‘Beyond’ is a highlight of the record as it takes the listener on a roller-coaster tempo ride while vocally, they hit every mark perfectly. ‘Beyond’ segues into ‘Kagero’ where Boris showcases their noise/experimental/dreampop skills with efficacy. Shoegaze-like vocals are featured on ‘Biotope’ with dreamwave and noise components.

Boris brings the doom with ‘The Power’ and ‘Memento Mori.’ Both tracks would irrefutably fit perfectly on any respectable doom record. ‘The Power’ is an instrumental piece that recalls elements of Electric Wizard and Trouble. The vocal tone on ‘Memento Mori’ is damn near perfect to go along with the funeral doom musical melee going on behind it. Certain elements of the song reminiscent of the gloriously classic Italian doom era.

Pro Band Pic

This brings us to ‘Dystopia Vanishing Point.’ To say this has song of the year potential is an understatement. Clocking in at almost twelve minutes, this one will be hard to beat. The song intro is reminiscent of a great soundtrack record. Chino Moreno-like vocals kick in to go along with the slowed down shoegaze vibe followed by an amazing guitar solo that runs the final five-minute leg of the song. The album bookends nicely with “Dear” which hearkens back to the slowed down drone feedback style we heard on ‘D.O.W.N. Domination of Waiting Noise.’

Boris are still going strong after all these years, continually looking for ways to challenge themselves with experimentation. Dear, like most of their albums, is about motion and magnitude. It is without a doubt a spiritual journey and despite the variety of genres explored, it’s still dexterous in its delivery. Thankfully Boris never seems comfortable staying fixated on one single style or genre. They continue to change and explore the dimensions of sound. I think by now it goes without saying that this will undoubtedly make my end of the year top ten list.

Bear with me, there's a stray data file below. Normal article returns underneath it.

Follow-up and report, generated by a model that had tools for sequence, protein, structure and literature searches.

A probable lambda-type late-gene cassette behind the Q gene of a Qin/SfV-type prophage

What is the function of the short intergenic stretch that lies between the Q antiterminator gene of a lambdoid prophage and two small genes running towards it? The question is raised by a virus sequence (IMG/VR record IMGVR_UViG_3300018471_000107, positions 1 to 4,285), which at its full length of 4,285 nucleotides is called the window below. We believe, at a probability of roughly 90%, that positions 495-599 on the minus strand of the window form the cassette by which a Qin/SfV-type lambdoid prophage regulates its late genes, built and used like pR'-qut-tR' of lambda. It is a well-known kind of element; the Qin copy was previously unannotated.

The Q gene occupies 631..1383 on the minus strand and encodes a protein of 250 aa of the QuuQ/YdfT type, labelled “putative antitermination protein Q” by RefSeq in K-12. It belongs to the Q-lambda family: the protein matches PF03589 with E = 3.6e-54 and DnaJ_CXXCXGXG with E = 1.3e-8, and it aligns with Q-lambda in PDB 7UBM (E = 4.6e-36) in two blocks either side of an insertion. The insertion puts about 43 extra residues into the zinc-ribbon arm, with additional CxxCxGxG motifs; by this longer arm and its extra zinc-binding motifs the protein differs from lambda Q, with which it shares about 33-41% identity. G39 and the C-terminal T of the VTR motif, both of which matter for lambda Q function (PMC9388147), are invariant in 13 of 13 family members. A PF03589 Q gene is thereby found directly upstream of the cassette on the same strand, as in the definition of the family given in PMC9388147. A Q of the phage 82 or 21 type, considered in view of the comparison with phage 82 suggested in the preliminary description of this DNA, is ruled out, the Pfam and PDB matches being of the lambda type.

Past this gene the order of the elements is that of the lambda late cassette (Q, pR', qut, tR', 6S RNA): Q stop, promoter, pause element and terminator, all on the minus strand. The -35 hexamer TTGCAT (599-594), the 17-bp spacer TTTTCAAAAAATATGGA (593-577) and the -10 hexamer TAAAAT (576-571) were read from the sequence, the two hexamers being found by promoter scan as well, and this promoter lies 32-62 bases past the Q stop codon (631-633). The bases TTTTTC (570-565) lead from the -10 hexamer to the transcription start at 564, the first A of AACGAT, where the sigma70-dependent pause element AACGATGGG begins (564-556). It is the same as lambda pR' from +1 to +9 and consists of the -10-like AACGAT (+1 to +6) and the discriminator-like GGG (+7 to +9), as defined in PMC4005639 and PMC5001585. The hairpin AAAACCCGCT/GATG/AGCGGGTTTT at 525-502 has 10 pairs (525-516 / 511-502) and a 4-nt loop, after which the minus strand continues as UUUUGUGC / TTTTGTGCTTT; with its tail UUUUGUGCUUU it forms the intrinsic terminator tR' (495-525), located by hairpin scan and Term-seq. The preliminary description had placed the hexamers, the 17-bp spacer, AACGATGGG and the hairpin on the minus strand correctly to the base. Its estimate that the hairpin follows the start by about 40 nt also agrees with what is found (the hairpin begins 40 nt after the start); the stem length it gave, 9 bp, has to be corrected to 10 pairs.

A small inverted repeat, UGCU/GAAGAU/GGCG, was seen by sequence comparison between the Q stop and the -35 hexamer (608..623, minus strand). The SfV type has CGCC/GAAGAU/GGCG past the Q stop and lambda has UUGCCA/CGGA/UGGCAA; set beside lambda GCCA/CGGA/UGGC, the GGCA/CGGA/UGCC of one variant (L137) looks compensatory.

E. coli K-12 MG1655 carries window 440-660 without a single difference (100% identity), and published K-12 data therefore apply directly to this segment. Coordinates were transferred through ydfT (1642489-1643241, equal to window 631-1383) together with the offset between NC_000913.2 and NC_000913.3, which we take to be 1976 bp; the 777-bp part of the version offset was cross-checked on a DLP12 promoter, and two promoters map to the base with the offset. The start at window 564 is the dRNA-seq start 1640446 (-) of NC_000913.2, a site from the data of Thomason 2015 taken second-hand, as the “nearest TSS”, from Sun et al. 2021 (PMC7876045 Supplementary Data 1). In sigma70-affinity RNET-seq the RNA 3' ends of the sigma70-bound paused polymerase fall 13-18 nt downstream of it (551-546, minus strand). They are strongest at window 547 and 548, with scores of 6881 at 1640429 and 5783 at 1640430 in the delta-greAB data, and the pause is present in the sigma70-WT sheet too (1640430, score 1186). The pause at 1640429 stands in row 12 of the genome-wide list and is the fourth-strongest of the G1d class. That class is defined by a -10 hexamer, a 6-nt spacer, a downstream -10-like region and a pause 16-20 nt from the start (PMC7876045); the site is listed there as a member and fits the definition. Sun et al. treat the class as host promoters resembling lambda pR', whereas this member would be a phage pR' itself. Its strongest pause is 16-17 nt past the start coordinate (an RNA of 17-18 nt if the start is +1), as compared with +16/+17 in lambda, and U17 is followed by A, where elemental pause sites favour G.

DRUG HONKEY Debut ‘Sickening Wastoid’ Official Video

Narcotic-like noise mongers Drug Honkey are preparing to unleash their new offering, ‘Cloak Of Skies‘, via Transcending Obscurity on May 5th. The pre-release hype for the punishing delivery of sonic abuse is reaching a fevered pitch of late. The album, which features guest appearances by the godfather of bleakness, Justin Broadrick and saxophonist most sinister, Bruce Lamont, is the baddest of trips seemingly. With crushing despair and abundant psychedelic savagery , Drug Honkey are poised to scar lives forever.

Today, Drug Honkey are serving up their video for the song ‘Sickening Wastoid‘, which is its very own frightening hallucination thanks to the twisted mind of Paolo Girardi. The morphing, animated album art from ‘Cloak Of Skies‘ appears alive and threateningly menacingly in the clip. Prepare to experience something you cannot un-see once you have your third eye opened to this vile visualizer.

For my own take on Drug Honkey‘s ‘Cloak Of Skies‘, check out my review of it over at Riff Relevant.

– Pat ‘Riot’ Whitaker

Drug-Honkey-LP

New Album Review – Ebisu “Lure”

EBISU-  Lure

Release date: February 07th, 2017

Label – Self Released. Format: DD

New York is the home for this band that Ken Ghani (vox/guitars), Nikhil Kamineni (guitars/bass/synths/noise) and Tama Vadja (drums) have procured to give this epic 3-track EP to us and this is indeed something special.

A not so subtle mix of elements of post-apocalyptica/ambient/doom/industrial with a splash of stoner thrown in for good measure, Ghani / Kamineni have created a soundscape of shadows and whispers and foreboding that as ‘Sycamore’, the opener, fades in, you can feel the fog swirling as you advance with caution into the quagmire of what awaits next. Full-instrumental here that sets the tone for the remaining two tracks as the sounds that surround you seem to wrap tighter and tighter as you approach ‘The Merchant’ that is waiting in front of you and greets you with an almost tantric sounding drone-chant. Once the first hit of the snare rings out, the whisper-screams float by your ear and the droning repeats and repeats lending to the feeling of mystic capture that permeates and then seems to dissipate for the fade out of the song. ‘Good At Craft’ comes in with a lone guitar progression followed by more ambient noises closing in again from all sides, slowly closing in. The same whisper-vocal weaves around like so many snakes, the power chords giving them body to strike as you abandon to the enveloping you feel closing around like a black velvet glove that is getting firmer in its grasp of plush control, accentuated by the increased intricacy of the music that rings of almost divine splendor in that same plushness as EBISU drive you from where you stand to the multi-dimensional planes from which they have brought forth this musical mastery.

 

Band Shot

 

Amazing mix with solid production values give this release the power to crush and if this is the future of ambient-sludge -goth-doom hybrids, I say BRING ME MORE because three tracks just isn’t enough…

Words by Ric “Suisyko” Dorr